Corporate training can come in a variety of different methods. This is important because people learn in different ways, meaning that there is no “one-size-fits-all” model for training. Typically, the most successful training programs follow the VARK model for training shown below:





VARK is a great approach for training programs because it incorporates the main ways individuals interpret information. Maybe you are someone who likes to listen to podcasts, or you could be someone who enjoys watching videos or documentaries. Sometimes, due to the nature of the work or knowledge, it’s better to physically memorize how your body is supposed to accomplish a task. The importance of these characteristics is that nobody is exclusively one of these, which is why any successful training program will have some element of all four.

Visual learning relies on being able to see or visualize the knowledge or concept to understand it. Therefore graphs, charts, dashboards, and other types of visual data representation are so prevalent in training models. People who learn this way appreciate being able to see the knowledge. Examples of this could be pictures of each stage of a product as the product is assembled. If movement across a workspace or process is required, maps are valuable tools to visualize the flow of movement.

Auditory training helps those who learn best by listening to the knowledge. Language is one of the most powerful tools humans have at their disposal, so it makes sense that we interpret information auditorily. Often, auditory learning accompanies the other types of learning styles because the instructions or training is being given by an instructor or video explaining the content. By hearing information, we can process what was said and put our own understanding of the language around the concept. This learning style helps us to contextualize the other learning styles as well.

Reading and writing information is another way we interpret information because both functions have overlap with Visual and Kinesthetic learning styles. Therefore, the standard education model in the United States university system is a professor lecturing (auditory) in front of a lecture hall full of students. The professor may write information on a blackboard or have slides in a presentation (visual) so that the students can see and hear the information. Good students take notes, which is an example of the reading/writing learning style because they are reading and recording the information being presented while also listening to it. 

In training models, we often see notes or encourage notes to be taken because writing information down is another way of processing data. The physical act of writing down information can also be viewed as a Kinesthetic model of learning.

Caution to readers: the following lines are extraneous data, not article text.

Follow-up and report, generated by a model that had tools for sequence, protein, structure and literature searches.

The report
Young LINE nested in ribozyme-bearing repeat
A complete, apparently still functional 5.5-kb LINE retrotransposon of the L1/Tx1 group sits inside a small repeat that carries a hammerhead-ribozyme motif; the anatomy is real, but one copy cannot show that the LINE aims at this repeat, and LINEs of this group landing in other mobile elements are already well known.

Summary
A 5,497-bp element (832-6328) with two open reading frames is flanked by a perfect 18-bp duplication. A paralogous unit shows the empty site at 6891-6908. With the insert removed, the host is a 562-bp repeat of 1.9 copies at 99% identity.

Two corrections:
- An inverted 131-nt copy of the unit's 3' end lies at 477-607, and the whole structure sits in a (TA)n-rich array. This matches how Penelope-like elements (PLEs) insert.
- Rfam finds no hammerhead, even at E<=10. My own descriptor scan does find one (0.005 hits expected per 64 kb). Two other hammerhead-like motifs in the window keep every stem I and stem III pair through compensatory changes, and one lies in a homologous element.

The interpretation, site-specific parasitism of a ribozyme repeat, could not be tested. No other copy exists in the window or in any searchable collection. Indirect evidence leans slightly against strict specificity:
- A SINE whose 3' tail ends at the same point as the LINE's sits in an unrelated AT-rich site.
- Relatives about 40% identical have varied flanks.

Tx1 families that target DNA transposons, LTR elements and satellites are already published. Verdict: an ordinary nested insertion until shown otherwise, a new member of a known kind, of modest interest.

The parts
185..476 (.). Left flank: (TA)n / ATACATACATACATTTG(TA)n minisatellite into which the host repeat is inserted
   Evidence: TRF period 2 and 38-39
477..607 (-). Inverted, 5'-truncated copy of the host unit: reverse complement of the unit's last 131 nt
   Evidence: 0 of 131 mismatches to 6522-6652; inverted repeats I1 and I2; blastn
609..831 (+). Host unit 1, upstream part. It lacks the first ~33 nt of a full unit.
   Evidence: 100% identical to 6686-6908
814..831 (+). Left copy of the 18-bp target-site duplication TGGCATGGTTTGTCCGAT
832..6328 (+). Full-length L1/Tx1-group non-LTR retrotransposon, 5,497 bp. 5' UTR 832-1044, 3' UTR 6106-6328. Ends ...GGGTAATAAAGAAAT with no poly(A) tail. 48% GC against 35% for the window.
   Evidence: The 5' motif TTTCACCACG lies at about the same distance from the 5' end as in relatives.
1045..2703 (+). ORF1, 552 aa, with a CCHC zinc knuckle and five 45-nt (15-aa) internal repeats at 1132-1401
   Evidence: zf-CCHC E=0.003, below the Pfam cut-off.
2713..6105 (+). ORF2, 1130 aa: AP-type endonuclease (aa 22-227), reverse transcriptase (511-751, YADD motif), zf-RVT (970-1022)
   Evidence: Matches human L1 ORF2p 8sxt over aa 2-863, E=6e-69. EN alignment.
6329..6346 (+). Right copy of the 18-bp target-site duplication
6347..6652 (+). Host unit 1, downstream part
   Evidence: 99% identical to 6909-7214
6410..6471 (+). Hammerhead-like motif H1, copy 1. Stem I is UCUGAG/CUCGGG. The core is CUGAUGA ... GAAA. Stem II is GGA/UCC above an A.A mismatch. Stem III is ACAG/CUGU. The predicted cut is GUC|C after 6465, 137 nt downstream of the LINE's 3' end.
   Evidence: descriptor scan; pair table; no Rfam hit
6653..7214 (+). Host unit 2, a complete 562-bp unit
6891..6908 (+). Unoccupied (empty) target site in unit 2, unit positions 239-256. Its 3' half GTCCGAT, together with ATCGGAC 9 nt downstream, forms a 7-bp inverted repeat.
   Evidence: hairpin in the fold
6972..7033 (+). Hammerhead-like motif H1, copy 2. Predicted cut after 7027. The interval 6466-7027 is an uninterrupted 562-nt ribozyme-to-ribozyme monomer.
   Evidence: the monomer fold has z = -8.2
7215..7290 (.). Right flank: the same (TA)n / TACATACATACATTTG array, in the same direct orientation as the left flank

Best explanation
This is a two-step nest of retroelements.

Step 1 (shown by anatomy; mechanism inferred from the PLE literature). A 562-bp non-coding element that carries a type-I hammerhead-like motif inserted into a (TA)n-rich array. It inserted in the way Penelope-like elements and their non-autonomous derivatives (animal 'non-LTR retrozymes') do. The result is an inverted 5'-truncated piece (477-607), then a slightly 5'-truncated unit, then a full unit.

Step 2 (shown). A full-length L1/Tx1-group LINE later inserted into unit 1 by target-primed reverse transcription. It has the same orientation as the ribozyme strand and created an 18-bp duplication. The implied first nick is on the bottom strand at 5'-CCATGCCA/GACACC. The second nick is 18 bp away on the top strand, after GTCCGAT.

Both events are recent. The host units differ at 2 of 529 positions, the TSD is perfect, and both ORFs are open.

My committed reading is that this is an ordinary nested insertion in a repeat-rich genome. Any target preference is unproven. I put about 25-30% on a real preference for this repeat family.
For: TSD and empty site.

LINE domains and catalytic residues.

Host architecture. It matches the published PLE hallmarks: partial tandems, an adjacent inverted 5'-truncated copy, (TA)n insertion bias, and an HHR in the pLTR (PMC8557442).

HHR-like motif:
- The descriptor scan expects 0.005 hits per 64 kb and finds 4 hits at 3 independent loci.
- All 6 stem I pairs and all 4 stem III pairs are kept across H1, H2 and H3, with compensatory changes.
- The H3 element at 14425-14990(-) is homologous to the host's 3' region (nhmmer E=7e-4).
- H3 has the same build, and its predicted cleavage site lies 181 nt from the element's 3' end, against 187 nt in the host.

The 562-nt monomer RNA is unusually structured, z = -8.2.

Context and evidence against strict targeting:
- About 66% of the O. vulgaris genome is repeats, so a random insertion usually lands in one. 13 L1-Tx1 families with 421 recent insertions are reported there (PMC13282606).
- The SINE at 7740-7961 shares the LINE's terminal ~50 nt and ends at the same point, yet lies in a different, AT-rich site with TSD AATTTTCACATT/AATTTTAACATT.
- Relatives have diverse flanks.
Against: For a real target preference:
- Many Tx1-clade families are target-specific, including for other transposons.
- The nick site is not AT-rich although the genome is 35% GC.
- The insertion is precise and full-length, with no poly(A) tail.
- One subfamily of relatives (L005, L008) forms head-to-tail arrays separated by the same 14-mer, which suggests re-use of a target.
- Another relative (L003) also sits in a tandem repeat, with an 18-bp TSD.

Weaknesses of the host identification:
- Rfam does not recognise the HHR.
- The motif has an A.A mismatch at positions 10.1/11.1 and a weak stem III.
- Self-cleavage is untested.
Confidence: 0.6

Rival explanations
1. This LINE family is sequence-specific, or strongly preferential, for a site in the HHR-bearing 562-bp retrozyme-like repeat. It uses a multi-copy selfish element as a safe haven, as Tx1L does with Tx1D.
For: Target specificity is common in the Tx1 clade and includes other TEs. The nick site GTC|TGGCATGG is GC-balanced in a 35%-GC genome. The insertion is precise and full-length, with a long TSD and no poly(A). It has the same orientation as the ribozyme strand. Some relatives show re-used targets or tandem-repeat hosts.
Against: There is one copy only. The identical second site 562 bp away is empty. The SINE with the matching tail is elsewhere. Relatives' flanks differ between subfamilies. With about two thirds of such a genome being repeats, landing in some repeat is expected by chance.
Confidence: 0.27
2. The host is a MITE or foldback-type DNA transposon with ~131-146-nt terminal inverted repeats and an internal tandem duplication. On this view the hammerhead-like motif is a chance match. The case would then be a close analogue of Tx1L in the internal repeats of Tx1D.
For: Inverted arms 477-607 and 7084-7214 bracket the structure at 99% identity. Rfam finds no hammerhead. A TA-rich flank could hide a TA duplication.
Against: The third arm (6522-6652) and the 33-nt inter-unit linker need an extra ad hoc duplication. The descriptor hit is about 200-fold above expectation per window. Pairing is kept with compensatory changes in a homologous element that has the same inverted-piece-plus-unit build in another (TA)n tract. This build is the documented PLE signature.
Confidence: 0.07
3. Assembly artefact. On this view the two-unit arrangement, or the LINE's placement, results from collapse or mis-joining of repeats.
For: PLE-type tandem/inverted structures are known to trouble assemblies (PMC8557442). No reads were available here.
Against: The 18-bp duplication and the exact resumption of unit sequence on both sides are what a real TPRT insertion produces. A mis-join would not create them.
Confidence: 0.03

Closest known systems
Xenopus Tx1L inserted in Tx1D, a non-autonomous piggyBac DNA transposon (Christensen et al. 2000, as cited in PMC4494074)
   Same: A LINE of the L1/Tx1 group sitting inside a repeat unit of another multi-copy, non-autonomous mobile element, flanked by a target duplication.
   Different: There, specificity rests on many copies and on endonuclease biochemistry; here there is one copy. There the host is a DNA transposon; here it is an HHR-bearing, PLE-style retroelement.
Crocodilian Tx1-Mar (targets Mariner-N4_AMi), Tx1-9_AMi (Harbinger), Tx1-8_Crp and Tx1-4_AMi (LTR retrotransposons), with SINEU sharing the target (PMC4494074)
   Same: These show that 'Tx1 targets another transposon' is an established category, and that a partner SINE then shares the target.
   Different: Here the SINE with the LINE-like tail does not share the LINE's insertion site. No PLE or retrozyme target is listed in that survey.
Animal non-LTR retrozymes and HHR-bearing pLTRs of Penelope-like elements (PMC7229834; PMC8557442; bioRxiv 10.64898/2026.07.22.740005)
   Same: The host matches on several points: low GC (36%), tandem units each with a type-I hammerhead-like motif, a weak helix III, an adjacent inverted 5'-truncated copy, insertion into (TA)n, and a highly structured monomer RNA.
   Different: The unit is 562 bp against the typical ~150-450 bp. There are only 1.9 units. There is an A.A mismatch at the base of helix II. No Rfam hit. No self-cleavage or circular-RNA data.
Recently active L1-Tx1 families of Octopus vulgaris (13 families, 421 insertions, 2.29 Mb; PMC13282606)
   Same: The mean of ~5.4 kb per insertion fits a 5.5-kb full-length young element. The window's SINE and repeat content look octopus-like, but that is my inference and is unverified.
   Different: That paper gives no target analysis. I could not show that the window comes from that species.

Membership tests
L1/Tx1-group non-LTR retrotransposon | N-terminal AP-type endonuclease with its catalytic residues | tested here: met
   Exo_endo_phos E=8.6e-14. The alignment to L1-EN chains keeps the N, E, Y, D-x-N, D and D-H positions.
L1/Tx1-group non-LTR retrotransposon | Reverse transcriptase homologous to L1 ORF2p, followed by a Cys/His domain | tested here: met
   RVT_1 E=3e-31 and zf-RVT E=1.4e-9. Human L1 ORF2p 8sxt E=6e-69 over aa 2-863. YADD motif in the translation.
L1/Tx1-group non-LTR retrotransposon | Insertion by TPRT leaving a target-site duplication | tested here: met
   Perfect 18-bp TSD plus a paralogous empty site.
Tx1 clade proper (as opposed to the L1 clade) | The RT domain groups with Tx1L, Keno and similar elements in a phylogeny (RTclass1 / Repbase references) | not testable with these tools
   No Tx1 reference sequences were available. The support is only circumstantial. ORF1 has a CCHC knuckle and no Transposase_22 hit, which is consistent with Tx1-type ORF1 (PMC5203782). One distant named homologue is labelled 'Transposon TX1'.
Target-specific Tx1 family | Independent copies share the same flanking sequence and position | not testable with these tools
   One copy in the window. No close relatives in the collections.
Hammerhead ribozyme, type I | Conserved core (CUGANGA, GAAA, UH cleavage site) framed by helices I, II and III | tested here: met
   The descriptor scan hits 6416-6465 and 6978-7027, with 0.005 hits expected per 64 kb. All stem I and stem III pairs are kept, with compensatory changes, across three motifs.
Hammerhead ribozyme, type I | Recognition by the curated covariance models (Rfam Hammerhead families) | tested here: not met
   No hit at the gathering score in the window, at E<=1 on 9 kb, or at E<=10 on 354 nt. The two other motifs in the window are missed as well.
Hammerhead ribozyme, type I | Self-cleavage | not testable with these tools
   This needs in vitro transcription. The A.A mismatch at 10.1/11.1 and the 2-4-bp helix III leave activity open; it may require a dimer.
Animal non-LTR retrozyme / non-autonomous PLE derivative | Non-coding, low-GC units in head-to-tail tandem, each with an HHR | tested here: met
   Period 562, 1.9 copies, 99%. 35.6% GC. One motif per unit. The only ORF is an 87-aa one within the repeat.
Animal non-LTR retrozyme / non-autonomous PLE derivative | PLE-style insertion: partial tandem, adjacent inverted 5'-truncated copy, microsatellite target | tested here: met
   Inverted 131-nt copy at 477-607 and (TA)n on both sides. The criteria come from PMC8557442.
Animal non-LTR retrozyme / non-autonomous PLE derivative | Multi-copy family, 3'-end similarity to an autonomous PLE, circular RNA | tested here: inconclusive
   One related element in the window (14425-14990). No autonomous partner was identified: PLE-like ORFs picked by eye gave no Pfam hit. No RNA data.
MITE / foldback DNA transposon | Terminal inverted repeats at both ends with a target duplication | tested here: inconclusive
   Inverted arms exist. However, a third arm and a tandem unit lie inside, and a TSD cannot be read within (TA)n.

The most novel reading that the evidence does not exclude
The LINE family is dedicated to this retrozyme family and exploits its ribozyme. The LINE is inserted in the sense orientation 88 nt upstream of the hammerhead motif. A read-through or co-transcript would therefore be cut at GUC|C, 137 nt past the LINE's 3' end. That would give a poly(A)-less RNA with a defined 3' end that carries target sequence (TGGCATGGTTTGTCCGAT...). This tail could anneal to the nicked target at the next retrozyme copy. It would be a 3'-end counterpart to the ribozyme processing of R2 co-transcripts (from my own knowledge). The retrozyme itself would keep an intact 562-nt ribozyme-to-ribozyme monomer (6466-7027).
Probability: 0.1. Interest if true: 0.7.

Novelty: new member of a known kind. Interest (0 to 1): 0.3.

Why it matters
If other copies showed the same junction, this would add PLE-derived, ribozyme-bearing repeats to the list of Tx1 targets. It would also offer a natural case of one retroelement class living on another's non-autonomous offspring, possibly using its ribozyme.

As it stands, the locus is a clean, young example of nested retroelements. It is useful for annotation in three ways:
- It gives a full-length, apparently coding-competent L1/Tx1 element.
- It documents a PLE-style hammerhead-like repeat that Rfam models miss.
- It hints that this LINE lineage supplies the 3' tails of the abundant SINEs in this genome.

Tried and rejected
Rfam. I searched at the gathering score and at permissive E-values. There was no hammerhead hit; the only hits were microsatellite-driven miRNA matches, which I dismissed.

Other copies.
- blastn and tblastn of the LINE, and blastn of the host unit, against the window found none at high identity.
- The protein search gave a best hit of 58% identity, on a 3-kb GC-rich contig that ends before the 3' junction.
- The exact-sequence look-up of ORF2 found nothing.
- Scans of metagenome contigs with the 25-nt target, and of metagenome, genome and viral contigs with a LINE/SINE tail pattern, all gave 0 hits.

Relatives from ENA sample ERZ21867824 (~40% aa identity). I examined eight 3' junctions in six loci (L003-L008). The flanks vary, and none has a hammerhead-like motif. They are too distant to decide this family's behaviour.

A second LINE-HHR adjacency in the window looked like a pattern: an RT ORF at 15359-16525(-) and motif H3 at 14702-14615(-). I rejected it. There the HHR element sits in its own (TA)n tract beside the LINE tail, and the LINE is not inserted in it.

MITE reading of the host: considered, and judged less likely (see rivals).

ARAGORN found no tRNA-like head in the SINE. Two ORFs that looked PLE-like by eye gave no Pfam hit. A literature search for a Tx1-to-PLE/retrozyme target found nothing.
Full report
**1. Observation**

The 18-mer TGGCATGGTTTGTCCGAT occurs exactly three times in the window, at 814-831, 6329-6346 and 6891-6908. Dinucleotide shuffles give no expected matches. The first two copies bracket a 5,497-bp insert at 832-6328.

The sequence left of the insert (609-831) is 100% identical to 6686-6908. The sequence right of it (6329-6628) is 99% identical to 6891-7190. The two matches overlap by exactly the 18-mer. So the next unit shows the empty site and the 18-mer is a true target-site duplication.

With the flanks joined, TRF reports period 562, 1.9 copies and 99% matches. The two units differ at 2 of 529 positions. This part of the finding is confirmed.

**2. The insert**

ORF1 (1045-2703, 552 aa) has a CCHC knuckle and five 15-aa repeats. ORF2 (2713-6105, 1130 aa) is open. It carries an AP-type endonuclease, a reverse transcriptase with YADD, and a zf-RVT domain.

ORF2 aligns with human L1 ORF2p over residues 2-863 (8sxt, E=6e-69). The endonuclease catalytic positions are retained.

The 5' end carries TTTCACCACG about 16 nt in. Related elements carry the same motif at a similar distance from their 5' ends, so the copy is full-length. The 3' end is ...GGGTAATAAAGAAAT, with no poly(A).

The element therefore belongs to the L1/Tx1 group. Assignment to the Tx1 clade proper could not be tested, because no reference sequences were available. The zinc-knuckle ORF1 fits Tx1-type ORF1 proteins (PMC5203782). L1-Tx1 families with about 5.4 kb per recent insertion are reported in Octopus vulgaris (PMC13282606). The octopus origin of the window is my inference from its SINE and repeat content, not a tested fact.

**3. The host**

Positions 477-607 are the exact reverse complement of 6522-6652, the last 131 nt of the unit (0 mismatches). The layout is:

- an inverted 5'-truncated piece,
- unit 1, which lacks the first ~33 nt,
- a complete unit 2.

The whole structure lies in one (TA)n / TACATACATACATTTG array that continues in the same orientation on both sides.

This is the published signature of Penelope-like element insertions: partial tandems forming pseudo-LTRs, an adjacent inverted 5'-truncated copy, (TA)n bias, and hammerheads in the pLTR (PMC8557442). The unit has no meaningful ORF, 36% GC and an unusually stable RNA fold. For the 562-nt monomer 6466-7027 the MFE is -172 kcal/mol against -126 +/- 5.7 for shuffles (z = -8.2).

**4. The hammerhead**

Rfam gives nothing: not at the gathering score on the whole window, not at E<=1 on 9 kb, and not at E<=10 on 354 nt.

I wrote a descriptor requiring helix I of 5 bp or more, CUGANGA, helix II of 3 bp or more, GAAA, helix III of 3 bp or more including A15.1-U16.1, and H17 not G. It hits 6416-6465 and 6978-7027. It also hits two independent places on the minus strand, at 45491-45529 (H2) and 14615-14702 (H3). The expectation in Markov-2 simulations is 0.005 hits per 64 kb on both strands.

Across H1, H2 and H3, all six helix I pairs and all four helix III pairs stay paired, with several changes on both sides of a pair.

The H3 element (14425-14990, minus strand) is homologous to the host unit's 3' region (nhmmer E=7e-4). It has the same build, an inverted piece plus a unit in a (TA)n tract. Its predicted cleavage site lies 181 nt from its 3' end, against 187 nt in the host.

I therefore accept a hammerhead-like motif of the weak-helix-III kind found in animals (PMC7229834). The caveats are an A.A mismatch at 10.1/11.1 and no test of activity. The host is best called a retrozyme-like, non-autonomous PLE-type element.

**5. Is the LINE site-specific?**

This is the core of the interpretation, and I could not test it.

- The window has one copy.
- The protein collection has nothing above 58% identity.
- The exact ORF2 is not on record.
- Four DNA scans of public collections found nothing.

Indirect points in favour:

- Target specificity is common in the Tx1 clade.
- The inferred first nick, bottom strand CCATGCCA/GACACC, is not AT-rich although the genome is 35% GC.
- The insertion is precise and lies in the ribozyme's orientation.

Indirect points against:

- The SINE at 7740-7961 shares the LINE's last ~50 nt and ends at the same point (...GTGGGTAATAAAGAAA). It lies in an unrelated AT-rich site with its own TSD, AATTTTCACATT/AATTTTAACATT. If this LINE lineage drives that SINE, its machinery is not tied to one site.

The Kinesthetic model of learning involves absorbing information by the performance of that task the information seeks to instruct on. We all know people who “learn by doing.” Some jobs require kinesthetic training, such as paramedics, firefighters, or military. Kinesthetic learning is also referred to as “muscle memory” because the point of this learning style is to make the knowledge a memorized task that doesn’t require much pre-thought before successful execution.

As I mentioned, humans absorb knowledge in all these ways, but we still have preferences for receiving that information. Therefore, successful training programs rely on all four of these styles of learning to provide knowledge to employees. A training module or presentation could have visual examples in graphs, pictures, process maps, etc., and while visualizing the information a lecturer or recording is explaining the concepts. There may be “knowledge checks” where the trainee is required to attempt to perform the task they were just instructed on or quizzing to have the participant write in concepts to ensure knowledge transfer.

At netlogx, our internal Six Sigma Green Belt training is characterized by these four different styles. The other instructors and I guide the participants through slide decks that explain the concepts (auditory/visual) and we provide notes to the participants for their own individual markup (reading/writing). There is homework that the participants need to complete each week involving the formulas and concepts (reading/writing/kinesthetic). Finally, after completion of the exam, the participants need to complete a Green Belt project utilizing the tools and formulas they just learned (kinesthetic). 

Training and successful training programs are all about providing the skills and knowledge to employees in ways that will allow them to master concepts quickly and empower them to be successful in their roles long term. Being able to tailor that delivery in the best way for all people is a great starting point when creating training programs. Utilizing the VARK model will ensure that those trainings have the maximum impact on the right people at the right time.